Some people think it’s strange that I publish blogs on my mum, but hey, it’s my way of dealing with it and hopefully some people can learn from it too. Tough reading ahead perhaps for some. And if you don’t want to read, that’s fine too. Stop here.

After coming into palliative care last Thursday, I think Dad really thought that he’d have months of bringing mum home for lunch and afternoon tea. We managed to take her home on Sunday for a couple of hours but it was not easy as she had a fall that morning.

Mum really took a turn for the worse on Monday. When I came in at breakfast time she couldn’t hold anything in her hand from jerking so much. Consequently hot drinks were spilt and we then realised she couldn’t swallow her medication and was trying to chew them. by Monday afternoon she was being given morphine and we were asked to call in the local priest. Father Anthony visited and gave mum her Last Rites as a Catholic and all 3 of us took Communion. I slept on a chair here that night.

Mum stopped eating yesterday and the morphine was increased. Nurses also gave her atropine to reduce respiratory secretions. Google tells me that this noise, sometimes known as the ‘death rattle’, is common and worse for those hearing it than the patients themselves.

Yesterday I painted mum’s nails. We also had to make an emergency visit to the pharmacy for some denture glue as mum was having a bit of trouble with them and, believe it or not, Dad has not seen her without her dentures in 62 years of marriage! Luckily all the wonderful carers and nurses are now in on that secret too.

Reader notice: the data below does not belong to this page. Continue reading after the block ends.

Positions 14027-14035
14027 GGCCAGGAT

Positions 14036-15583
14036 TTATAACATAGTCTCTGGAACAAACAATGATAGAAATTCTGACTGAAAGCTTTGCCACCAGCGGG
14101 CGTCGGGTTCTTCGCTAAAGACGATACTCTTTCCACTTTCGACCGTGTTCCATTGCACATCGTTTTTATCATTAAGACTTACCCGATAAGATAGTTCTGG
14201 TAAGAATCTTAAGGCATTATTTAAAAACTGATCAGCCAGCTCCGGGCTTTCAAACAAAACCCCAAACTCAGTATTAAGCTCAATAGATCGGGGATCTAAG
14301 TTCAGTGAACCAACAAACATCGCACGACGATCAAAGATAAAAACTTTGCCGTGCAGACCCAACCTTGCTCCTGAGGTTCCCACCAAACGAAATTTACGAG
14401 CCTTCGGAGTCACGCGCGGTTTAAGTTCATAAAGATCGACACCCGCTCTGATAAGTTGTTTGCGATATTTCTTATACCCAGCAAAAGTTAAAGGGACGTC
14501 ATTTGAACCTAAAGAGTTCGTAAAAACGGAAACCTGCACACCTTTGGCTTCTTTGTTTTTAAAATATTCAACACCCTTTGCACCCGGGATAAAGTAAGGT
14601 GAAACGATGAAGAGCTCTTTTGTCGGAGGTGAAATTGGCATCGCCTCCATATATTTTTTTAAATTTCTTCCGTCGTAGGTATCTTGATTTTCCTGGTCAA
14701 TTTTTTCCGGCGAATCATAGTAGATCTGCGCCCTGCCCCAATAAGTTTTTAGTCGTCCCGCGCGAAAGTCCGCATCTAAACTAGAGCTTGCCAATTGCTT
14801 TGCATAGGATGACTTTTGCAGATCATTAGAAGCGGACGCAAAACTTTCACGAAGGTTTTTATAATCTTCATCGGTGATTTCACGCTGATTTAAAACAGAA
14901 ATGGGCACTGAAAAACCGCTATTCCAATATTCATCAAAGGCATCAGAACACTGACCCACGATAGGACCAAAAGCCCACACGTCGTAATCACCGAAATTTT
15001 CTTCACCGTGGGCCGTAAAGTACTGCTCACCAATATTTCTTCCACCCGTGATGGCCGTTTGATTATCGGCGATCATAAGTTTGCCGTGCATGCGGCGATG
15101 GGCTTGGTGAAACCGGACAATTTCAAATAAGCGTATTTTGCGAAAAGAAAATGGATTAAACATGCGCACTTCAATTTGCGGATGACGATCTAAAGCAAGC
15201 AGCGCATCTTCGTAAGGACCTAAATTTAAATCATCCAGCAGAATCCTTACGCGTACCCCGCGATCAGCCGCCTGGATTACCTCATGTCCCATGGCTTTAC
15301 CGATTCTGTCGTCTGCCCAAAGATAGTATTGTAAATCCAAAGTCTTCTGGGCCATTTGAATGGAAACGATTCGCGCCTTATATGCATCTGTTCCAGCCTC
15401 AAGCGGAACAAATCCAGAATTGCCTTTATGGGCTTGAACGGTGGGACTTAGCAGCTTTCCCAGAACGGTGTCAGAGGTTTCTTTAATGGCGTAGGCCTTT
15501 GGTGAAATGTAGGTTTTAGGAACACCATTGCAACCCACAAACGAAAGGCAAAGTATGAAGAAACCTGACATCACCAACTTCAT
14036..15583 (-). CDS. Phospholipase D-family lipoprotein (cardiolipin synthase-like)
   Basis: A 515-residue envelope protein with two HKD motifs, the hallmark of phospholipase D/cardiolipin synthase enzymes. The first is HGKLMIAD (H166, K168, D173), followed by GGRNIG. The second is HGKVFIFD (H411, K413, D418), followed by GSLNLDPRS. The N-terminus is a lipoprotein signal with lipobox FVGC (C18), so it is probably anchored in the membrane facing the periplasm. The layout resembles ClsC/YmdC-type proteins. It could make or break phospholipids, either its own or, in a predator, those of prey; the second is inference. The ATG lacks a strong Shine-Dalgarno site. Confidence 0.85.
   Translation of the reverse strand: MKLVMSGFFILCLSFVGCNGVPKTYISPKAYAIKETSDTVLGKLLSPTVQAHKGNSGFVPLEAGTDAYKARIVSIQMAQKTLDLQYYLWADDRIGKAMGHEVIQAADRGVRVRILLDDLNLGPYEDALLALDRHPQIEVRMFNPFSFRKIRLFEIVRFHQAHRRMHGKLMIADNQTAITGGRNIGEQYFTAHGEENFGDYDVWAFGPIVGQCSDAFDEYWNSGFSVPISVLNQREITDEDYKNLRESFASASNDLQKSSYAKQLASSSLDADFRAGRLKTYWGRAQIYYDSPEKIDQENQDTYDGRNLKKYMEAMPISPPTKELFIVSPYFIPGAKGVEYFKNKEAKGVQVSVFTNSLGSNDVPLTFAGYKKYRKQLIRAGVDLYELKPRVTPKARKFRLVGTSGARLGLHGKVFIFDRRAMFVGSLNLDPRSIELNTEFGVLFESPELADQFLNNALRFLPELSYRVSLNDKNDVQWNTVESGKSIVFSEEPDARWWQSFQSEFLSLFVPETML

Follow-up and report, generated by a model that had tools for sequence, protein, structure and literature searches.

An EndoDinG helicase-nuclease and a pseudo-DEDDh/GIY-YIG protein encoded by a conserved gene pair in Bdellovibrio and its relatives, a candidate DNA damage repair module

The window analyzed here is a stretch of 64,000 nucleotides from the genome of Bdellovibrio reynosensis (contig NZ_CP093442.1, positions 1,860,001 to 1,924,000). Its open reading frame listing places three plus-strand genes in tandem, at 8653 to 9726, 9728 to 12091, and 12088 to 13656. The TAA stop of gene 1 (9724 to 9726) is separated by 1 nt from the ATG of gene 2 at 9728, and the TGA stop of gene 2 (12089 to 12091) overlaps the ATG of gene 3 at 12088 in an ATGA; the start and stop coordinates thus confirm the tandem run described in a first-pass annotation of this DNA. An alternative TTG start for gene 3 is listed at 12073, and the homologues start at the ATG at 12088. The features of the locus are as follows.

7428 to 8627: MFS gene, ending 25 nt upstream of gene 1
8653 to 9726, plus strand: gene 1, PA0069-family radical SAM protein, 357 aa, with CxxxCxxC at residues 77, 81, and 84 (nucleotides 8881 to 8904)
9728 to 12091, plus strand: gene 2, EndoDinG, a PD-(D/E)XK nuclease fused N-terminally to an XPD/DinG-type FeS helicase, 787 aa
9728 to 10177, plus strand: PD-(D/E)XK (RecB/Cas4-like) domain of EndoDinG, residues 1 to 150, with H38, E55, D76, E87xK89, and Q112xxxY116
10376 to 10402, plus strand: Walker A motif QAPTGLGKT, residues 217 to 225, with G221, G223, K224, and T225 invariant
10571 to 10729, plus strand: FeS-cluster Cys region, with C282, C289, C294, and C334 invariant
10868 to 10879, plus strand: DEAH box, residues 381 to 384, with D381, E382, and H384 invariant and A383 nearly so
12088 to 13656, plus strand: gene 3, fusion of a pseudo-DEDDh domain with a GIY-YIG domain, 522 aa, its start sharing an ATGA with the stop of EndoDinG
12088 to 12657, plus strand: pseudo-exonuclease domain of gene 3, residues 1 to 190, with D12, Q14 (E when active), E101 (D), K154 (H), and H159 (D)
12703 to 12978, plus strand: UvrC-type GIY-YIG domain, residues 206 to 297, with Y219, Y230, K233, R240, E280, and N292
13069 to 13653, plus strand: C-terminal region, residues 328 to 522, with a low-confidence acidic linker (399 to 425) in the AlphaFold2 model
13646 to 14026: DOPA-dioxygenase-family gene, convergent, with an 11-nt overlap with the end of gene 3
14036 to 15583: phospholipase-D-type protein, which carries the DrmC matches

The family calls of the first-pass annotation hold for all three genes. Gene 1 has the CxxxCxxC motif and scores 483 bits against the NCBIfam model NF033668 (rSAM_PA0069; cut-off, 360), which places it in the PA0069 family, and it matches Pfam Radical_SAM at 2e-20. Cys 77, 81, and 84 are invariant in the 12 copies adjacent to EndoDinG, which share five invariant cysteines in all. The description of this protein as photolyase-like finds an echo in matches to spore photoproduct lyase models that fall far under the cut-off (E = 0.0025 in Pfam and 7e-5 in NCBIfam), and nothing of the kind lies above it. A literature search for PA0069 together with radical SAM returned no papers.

Today I played music all day and sang to mum. Of course, I’ve done a lot of crying too. Dad has been upset all day as mum is not responding to us. Once the morphine wore off at 5ish today we were able to converse a bit more easily and Dad said the private things he wanted to say. I fed mum some warm custard before more of the morphine was administered.

Her blue eyes looked anxious to me today. This is the hardest thing I’ve ever done, the scariest and yes I guess you could say the bravest. The nurses say it’s unusual for family to stay over as they can’t cope. The longer I stay here the harder it is to leave.

And for those who have asked about my mindfulness practice, I’m using it, BIG TIME! So I meditate for short periods a few times a day. In particular when I cry, I accept the feeling, I’m curious about the feeling. I don’t push it away. And of course I’m 100% present with mum when I hold her hand, talk to her, sing to her, feed her and soothe her head. I really don’t think I could be here doing what I’m doing without my skill of mindfulness. It’s being put to the test!

I’m missing Mark so much but as he says, it’s a time for the small unit of just dad, myself and mum to be together for this part. He brings me coffee, fresh air in the garden here, and laughter, every day.

So now as I lay my head on my fold up bed next to her for the third night, I wonder if she will have drifted off peacefully tonight. Her doctor said she has a ‘very strong heart’ so who knows, she’s a fighter and I’ll be fighting with her to the end.

,

 

4 replies
  1. Elle
    Elle says:

    Annie, I am sending you, your dad & your mum all my love… I watched my mum’s health deteriorate over several years & was with her til the end.. it was heartbreaking & sad & exhausting…
    I know you have great support around you, especially Mark, but if you ever need a shoulder or ear, please reach out … Love Elle xx

    Reply
  2. Rhonda Wright
    Rhonda Wright says:

    Dear Annie
    All my love and thoughts are with you at this very sad and difficult time You are such an incredible beautiful loving daughter Love to all.
    xxxxxxx?❤

    Reply

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